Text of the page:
For most agencies, capital programs are dominated by the need to invest meaningfully in system rehabilitation and replacement of their aging infrastructure. Developing a funding strategy for this ongoing, substantial expenditure within the framework of a utility rate study helps the agency avoid rate shock by taking measured steps and considering alternative financing before expenses peak. It also provides the justification for active and successful reserve management, which can enable more stable revenue patterns, phased rate plans, and intergenerational equity.

Beyond the financial basis, a utility rate study also addresses the equity of pricing: Are customers paying for their proportionate use of the system? This element allocates utility costs to classes of customers in line with their demands and demographics. From this point, rates can be set to recover costs fairly.

The final element of the rate study is the design of an actual rate structure: the system of fixed and variable charges that drive customer bills. Whereas cost allocation focused on interclass equity, quality rate design can achieve better intraclass  equity, yielding customer bills that achieve proportionality between individuals. Furthermore, locally-tailored rate design can implement pricing policies that might further agency goals, such as price signaling for water conservation efforts and other forms of demand management.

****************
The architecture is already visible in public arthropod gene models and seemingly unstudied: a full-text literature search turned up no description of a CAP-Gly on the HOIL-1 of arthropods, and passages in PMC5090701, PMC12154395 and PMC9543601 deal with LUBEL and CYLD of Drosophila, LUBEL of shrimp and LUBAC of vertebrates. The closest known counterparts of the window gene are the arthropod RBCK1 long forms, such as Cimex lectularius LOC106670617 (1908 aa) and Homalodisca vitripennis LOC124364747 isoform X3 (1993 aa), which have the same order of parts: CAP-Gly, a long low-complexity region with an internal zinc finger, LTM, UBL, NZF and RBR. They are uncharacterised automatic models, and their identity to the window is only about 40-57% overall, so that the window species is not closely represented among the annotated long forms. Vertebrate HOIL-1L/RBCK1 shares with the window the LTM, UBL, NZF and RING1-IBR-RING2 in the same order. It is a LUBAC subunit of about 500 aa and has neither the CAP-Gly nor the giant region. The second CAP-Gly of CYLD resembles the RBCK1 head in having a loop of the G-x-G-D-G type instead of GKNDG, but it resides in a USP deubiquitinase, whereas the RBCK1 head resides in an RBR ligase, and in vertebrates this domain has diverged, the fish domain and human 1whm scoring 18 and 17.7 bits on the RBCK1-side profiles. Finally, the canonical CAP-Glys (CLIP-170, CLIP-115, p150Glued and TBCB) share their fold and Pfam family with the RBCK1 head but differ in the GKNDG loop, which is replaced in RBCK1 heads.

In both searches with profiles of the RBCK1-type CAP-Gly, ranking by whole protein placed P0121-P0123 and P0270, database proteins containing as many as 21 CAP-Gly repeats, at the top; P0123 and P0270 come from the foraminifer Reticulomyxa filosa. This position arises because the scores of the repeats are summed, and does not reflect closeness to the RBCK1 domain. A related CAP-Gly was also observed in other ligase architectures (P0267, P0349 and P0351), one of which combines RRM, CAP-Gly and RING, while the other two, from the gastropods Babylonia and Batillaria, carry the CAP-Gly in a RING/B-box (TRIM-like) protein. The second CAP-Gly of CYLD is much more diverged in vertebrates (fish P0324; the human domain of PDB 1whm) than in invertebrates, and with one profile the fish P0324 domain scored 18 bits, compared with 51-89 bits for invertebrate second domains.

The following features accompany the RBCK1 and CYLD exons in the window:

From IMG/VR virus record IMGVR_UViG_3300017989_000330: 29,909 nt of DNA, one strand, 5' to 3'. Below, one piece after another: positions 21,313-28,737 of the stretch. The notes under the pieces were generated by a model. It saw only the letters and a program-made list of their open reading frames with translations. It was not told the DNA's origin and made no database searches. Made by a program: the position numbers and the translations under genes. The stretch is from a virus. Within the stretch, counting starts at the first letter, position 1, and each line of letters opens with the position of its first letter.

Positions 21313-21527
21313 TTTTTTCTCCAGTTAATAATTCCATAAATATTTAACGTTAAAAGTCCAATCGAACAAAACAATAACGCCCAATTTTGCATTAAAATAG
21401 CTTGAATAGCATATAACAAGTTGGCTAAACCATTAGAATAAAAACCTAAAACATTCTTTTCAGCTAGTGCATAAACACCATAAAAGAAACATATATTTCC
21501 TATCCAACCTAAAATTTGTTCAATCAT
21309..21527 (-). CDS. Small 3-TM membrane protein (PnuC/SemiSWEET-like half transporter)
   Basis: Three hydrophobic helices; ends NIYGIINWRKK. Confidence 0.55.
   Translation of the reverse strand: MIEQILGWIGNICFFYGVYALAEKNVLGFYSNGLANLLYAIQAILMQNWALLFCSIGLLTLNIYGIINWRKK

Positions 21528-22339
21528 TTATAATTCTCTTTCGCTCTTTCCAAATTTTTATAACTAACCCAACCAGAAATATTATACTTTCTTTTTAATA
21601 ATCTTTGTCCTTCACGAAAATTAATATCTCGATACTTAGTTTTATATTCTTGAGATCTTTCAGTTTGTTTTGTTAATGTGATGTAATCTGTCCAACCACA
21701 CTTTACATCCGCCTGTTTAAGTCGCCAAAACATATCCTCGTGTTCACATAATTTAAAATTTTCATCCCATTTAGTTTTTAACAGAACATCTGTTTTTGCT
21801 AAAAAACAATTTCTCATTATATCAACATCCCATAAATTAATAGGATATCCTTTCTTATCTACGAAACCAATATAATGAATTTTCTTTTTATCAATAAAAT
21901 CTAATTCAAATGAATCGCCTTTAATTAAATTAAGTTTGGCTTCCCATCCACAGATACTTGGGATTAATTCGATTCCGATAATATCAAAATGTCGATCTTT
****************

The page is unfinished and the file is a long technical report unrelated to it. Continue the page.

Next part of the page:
FCS GROUP rate studies can also prepare and facilitate a public involvement strategy for the successful implementation of study results. This not only includes agency-preferred paths for interacting with their elected decision-makers, but also, stakeholder involvement and community outreach to inform, if not influence, local rate solutions.

(Also referred to as: Capital Facilities Charges, General Facilities Charges, Capacity Fees, and Impact Fees)